Galette is a French term that refers to a variety of flat round cakes, usually made with a flaky pastry dough.
Galettes can be sweet or savory. Although it is most common for galettes to be filled with fruits or chocolate and served for dessert, savory galettes are a satisfying meal on their own.
When making this galette, it is important to have the filling ingredients chilled or at room temperature. A hot filling will melt the butter in the dough before it hits the oven, preventing the crust from becoming flaky and crispy.
One of the filling ingredients in this galette is an onion jam. I link you to that recipe in the list of ingredients.
I made a simpler version for this galette by eliminating the vinegar and raisins in that original onion jam recipe and instead adding a couple teaspoons of fresh thyme leaves. Either version will work wonderfully here.
Joanne Weir made a Mushroom and Blue Cheese Galette in cooking class at Les Gourmettes last week. It was fabulous! I was the lucky recipient of an extra round of dough for the crust. It is an outstanding dough. It is flaky and crispy and delicious. The recipe below is for Joanne’s dough and my filling.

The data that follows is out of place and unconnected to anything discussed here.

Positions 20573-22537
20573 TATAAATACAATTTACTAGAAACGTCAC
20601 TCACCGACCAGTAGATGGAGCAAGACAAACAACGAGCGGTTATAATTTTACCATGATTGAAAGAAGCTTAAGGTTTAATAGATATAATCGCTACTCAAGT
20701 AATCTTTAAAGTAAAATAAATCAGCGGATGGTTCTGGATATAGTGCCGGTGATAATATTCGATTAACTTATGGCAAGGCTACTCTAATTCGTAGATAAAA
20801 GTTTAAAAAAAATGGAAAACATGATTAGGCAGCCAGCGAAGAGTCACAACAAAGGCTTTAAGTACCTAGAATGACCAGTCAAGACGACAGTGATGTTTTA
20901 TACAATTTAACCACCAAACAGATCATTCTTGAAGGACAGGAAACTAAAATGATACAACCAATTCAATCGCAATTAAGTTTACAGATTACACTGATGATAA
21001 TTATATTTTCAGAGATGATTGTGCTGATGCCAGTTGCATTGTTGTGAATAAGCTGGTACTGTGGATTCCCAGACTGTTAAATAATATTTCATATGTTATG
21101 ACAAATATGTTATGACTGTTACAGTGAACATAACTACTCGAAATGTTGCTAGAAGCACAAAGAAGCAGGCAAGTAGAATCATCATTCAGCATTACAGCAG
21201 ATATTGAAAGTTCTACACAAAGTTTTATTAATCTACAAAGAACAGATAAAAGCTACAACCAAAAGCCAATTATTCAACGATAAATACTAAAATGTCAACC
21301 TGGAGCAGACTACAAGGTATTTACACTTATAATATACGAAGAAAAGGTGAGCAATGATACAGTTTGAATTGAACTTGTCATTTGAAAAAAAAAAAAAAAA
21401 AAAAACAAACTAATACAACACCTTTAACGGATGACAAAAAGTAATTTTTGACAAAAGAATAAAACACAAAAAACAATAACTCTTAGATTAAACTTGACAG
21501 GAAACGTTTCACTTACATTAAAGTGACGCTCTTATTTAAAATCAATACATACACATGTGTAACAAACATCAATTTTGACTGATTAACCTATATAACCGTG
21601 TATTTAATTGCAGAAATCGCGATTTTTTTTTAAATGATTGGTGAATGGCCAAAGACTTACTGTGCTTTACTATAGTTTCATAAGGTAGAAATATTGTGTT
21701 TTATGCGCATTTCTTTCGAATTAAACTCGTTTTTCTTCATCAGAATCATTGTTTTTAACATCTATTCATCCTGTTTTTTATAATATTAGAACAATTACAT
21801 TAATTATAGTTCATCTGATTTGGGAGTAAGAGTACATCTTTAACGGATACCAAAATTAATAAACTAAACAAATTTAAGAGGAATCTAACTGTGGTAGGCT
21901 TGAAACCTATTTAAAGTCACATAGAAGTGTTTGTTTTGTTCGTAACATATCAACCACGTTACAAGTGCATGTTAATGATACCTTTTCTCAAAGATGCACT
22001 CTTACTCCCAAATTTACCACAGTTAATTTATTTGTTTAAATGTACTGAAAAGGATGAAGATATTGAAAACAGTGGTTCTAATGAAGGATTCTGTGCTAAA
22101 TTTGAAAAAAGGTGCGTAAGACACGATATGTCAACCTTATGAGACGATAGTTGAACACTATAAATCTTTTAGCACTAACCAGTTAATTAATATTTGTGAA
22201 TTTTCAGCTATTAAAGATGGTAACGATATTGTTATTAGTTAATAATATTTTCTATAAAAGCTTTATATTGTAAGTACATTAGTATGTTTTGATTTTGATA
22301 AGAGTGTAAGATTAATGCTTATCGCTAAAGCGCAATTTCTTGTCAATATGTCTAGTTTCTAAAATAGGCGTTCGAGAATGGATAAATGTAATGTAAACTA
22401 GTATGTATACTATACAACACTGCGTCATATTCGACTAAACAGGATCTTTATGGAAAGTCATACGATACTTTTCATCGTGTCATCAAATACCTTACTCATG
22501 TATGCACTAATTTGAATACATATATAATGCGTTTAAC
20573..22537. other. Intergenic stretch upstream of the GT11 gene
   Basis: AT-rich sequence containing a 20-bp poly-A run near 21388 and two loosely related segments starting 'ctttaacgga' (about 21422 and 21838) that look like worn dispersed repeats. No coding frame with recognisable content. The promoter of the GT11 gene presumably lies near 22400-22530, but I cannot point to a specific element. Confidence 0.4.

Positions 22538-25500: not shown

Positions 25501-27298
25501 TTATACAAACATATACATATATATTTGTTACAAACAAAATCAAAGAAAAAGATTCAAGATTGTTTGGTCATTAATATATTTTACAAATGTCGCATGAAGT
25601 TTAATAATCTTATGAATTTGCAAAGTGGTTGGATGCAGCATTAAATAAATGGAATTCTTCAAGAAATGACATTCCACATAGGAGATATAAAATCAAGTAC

April 22, 2013 3 Comments
A few weeks before Easter, Connor informed me that he and Patrick didn’t need all the silly things I always put in their big elaborate Easter baskets. Oh really? Fine, go ahead a suck the fun out of my basket shopping!
As a result, instead of the usual big basket of goodies, they each received a little strawberry basket that only had Harkins Theater gift cards and a couple tubes of bubbles. How’s that for no silly things?
It looks like they had fun with the silly bubbles, to me! I’ll check back with him next spring and see if he might like to go to back to the big baskets!
April 5, 2013 3 Comments
Here are the recipes for dinner of Day Four and all three meals for Day Five of Week One of the “Detox Cuisine” Cleanse.